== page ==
Business Community News — 08 June 2010
Alexandria, this brew’s for you

The citys legacy as a shipping and brewing hub has faded with time, but by Christmas, Port City Brewing Co. plans to revive those memories one pint at a time.

Thats when the start-up microbrewery expects to have the first batches of fresh beer flowing from the taps at its facility on Wheeler Avenue. Those first draughts and bottles will not only help quench a growing thirst in the area for craft brews, but also fill a production-and-distribution void inside the Beltway.

Watching the craft beer business, it just looked like there was an opportunity in D.C. to add to the brewing scene, said Port City founder Bill Butcher.

The D.C. area has its brewpubs Capitol City, Gordon Biersch and Rock Bottom come to mind but the beers you can find in a six-pack are only quasi-local, with Old Dominion brewing in Frederick and Colorado-based Flying Dog producing in Frederick.

This gave Butcher, a fourth-generation Alexandrian and wine industry veteran, just the opening he needed to dive into the beer world.

We dont see ourselves becoming a large brewery we want to stay small and artisanal, and make great quality, hand-crafted beers for the local and regional market, Butcher said.

Their initial offering of four core beers an India pale ale, porter, white ale and a regular pale ale will be complemented by a rotation of season-specific brews developed by head brewer Jonathan Reeves.

Its all part of a humble return to brewing prominence for Alexandria. 

One hundred years ago, the city was home to one of the souths largest breweries, the Robert Portner brewery. At its pre-Prohibition peak, the production facility spanned several blocks along Washington Street.

With Port City, Butcher harkens back to the citys past.

The name is a nod to Alexandrias history, he said. It was founded as a seaport and was one of the busiest and most important seaports in the colonial era.

Today, the only option for fresh beer in Alexandria is at Shenandoah Brewing Company on South Pickett Street, a brewpub where customers can actually make their own batches on-site.

Butcher plans to move into the facility in August and have beer for sale by winter. When Port City opens at last it will join roughly 1,600 other beer producers in the U.S.

And its local impact could be sizeable, since Virginia currently ranks 30th in breweries per capita with one for every 242,000 Virginians, well behind Vermonts national-best mark of one brewery for every 33,000 residents, according to the Brewers Association.

In the area immediately surrounding Alexandria, though, real estate costs and varying regulations from place to place have, over time, left a small, active brewing footprint, according to Reeves.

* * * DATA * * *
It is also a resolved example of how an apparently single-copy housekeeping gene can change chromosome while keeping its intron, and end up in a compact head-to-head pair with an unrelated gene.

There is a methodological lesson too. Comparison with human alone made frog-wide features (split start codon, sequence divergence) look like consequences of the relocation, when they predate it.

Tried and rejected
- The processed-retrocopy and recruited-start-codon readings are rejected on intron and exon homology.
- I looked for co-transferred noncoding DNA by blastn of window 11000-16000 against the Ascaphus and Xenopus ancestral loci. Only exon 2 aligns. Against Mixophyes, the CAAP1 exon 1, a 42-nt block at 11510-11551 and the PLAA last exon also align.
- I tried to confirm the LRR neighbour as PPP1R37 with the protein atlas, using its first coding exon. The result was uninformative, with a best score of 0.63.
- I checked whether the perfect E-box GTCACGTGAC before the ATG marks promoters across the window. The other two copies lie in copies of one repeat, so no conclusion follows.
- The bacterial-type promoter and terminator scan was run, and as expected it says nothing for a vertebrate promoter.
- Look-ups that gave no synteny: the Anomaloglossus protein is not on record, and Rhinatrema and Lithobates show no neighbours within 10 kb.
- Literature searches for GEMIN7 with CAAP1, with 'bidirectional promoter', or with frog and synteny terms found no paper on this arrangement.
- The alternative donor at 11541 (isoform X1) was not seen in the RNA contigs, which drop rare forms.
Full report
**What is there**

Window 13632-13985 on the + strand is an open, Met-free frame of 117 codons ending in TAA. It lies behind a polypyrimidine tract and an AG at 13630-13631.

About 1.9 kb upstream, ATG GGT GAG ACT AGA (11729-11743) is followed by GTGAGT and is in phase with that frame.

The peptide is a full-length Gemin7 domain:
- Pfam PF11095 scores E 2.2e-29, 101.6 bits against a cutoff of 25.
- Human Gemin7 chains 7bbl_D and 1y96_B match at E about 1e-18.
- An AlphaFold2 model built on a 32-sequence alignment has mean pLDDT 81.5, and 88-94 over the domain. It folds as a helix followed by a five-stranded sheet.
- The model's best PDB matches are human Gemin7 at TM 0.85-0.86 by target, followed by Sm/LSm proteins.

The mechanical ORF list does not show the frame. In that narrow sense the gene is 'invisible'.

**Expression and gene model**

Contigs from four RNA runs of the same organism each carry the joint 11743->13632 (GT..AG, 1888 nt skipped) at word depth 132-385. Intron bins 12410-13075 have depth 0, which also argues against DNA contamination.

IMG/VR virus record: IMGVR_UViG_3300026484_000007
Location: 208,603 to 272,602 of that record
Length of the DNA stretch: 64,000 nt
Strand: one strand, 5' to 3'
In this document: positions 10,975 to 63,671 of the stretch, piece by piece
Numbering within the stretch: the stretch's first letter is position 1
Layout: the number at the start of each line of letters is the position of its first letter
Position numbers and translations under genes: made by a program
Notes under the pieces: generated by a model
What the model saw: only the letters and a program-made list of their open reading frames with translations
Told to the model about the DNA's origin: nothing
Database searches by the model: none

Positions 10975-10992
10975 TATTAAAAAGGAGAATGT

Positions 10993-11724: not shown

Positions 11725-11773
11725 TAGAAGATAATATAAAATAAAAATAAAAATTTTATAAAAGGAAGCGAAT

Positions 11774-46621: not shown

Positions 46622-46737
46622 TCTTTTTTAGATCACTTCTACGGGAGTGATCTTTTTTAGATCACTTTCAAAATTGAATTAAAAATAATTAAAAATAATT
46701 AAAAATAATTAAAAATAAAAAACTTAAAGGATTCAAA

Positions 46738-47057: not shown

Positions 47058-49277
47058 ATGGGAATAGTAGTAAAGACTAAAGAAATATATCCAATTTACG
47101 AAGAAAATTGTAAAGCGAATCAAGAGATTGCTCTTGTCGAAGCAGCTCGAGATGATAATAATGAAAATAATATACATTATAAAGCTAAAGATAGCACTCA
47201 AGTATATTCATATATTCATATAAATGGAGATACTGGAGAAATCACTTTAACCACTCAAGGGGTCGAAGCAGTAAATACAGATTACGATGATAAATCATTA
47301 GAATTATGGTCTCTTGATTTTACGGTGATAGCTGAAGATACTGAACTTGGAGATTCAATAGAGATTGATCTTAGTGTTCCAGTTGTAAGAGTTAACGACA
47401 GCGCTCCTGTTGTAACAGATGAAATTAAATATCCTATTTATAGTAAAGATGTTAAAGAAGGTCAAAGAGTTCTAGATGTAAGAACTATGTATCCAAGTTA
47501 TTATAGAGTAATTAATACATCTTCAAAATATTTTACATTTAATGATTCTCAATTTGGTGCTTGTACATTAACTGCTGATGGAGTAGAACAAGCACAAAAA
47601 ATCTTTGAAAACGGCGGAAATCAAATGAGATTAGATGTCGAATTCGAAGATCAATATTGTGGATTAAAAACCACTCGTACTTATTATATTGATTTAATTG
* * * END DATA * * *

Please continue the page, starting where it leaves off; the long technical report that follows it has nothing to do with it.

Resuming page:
The growth of the craft brewing industry over the last two decades gives Butcher reason to believe Port City can establish itself and thrive.

Theres a lot of examples of successful craft breweries out there and everybody does it differently, Butcher said. I think every brewery has its own personality and vision.

The Port City vision will play out in the glasses filled with Reevess brews.

Im looking to produce beers that have a distinct character to them thats different than the local beers but I dont necessarily want to go the extreme route, Reeves said.

I sample other beers I like, but the most important thing to me are the ingredients, he said, explaining the finer points of how he develops a beer. I want there to be balance in the beer and complexity.

Originally, Butcher was just looking to have the IPA and pale ales stand as Port Citys staples. But after getting to know Reeves and his work (His recent brews for Ruddy Duck brewpub in Solomons Island, Md. won a gold medal, two silvers and three bronzes at the 2009 Maryland Governors Cup competition.) he had to rethink.

The Belgian [white ale] and the porter were not originally part of the lineup but when I tasted his style it just really blew me away, Butcher said.

About $1.5 million was needed to set up and purchase the brewing and bottling equipment. At its peak, Reeves said the facility should be able to produce 120 barrels a day, or about 29,760 pints.

And for Butcher, the pairing of the the citys brewing past and his own roots in town, those pints were always going to have to start here.

It made a lot of sense to locate the brewery in Alexandria, Butcher said. I think my ancestors would be rolling over in their graves if I went outside the city.

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